Wyoming native orchids

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Jan 22, 2008
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elmer, nj
Last week while visiting wyoming for a family gathering, I decided to check out an area that fellow native orchid hunter/photographer ken hull of binghamton, ny had told me about where he had found several native orchids in early july of previous years (and spots in yellowstone and nearby that I wasn't able to visit). My brother and I got a rental vehicle and headed up the moose/wilson road beyond the teton village ski area (jackson hole, wy), to the forested area nearby the laurence s. rockefeller preserve, which has boglands which contain native orchids in the spring. Ken had found a few different coralroots, which are mostly non-chlorophyll containing plants (they get their food like mushrooms do). He had seen forms of corallorhiza maculata and striata. When we got in the wooded area and near the preserve, there were signs along both sides of the road that stated 'no parking along the road' except for appointed parking areas. this was a bit of a bother, but since there were plenty of white vehicles with 'official government' license plates with watchful people inside of them, I decided to comply. as soon as we were north of the first sign on the opposite side of the road (meaning the no parking restriction was not in effect), I saw a wide spot where others had pulled over and parked the truck. before I had even gotten out of the vehicle I had spotted what I thought was a very large pinedrops plant. since I had never seen it before (it's very rare in ny state), I wasn't sure but checking it out online confirmed it's identity. not long after, I spotted a few old flowers of a goodyera sticking up through some dry ground cover. after taking a few pictures I spotted a few different plants of coral roots with seed pods, and an old dried up stem of a goodyera that had released it's seeds already. not long after, I found many goodyera leaves and plants with flowers, and decided that it was goodyera oblongifolia. this orchid isn't recognized as being in new york state (I think it's found in maine), and wasn't a species I had seen before! so, it was 'ice cream time' ;) I found plants with old flowers, nice flowers and a plant that had buds and no open flowers. it must have been quite a good spot, because after we left and checked out another spot about a quarter mile down the road, a quick check with impending thunderstorm revealed pinedrops but no orchids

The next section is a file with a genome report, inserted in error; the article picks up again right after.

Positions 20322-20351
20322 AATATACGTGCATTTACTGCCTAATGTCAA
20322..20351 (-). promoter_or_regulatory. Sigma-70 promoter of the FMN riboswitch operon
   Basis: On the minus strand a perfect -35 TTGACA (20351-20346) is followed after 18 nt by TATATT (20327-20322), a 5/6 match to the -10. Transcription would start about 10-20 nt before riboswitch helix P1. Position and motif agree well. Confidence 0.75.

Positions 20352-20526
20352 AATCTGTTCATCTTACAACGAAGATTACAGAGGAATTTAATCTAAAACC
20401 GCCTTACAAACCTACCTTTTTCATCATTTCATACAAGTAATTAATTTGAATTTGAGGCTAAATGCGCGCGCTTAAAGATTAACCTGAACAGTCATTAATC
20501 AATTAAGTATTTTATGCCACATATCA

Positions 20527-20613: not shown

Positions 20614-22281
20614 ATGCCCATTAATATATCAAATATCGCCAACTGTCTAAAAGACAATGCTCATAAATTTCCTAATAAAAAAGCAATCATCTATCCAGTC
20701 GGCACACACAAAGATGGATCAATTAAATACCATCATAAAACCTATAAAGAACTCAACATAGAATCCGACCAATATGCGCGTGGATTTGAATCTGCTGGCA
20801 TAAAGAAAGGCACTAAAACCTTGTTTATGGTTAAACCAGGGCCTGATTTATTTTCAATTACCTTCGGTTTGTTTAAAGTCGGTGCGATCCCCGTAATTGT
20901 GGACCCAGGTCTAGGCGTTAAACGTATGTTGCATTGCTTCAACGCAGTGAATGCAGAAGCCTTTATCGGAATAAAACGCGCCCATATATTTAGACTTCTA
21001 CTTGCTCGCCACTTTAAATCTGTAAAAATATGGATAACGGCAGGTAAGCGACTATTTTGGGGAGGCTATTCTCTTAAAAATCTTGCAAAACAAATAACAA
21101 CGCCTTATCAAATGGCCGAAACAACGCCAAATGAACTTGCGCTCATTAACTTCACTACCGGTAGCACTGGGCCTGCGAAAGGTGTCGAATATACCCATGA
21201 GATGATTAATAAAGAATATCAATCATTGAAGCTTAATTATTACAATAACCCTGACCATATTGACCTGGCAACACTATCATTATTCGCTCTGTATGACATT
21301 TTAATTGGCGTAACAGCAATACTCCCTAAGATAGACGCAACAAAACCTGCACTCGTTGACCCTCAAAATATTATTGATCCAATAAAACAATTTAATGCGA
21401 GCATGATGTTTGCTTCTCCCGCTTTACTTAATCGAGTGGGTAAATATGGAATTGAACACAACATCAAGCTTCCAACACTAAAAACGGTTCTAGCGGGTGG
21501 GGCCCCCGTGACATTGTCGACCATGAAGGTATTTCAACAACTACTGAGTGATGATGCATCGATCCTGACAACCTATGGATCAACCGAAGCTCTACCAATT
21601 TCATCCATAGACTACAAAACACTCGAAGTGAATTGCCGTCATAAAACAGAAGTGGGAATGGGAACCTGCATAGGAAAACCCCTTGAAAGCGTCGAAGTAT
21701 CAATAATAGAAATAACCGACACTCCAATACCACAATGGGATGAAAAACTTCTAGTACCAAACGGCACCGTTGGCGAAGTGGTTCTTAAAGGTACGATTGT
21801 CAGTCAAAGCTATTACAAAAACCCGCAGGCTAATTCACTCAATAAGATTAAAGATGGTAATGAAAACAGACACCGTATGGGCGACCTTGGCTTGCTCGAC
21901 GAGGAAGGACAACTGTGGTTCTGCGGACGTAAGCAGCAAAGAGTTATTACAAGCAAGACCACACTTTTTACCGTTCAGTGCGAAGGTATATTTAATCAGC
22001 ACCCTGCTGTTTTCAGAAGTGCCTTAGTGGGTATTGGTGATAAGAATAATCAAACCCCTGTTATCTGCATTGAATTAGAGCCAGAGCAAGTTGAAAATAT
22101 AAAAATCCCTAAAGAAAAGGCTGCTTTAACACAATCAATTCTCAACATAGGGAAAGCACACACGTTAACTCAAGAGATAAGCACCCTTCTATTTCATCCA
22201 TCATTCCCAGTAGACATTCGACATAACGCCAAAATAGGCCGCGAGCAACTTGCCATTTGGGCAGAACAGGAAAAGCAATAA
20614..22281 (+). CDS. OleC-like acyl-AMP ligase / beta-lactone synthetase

goodyera oblongifolia


leaves of goodyera


insect visitor and possible pollinator?



seedpod from last years' goodyera oblongifolia


a coralroot with seed pods





flower closeup



older coralroot with seed pods already opened


goodyera with unopened flowers

though I found a green bog orchid up nearby teton pass about ten years ago, I believe that this is the first orchid that i've found that isn't found in new york state. all other orchids i've seen, even if in other countries or states, have also been found in new york. I guess I should have another ice cream since this is the first of a new category (I'm always looking for a reasonable excuse to have ice cream, and there is some home-made vanilla in the freezer :D )
Good photos....Goodyera oblongifolia does grow in NY....3 plant! 1 is in my garden in Queens, and the other 2 are in my Cutchogue garden. (Got them this year on Ebay.) One of the Cutchogue plants bloomed and set seed, so maybe it will naturalize...C. acaule is native to the area, so if they use the same fungi, the seeds might stand a chance...On the other hand, I've had G. pubescens setting seed every other year or so, with no seedlings that i can detect.
I'd be cautious about keeping the soil cool for them, since where they grow doesn't get the extremes of heat as we do in upstate and downstate ny. ... though, it may be that the mycorrhizae they need to germinate doesn't survive here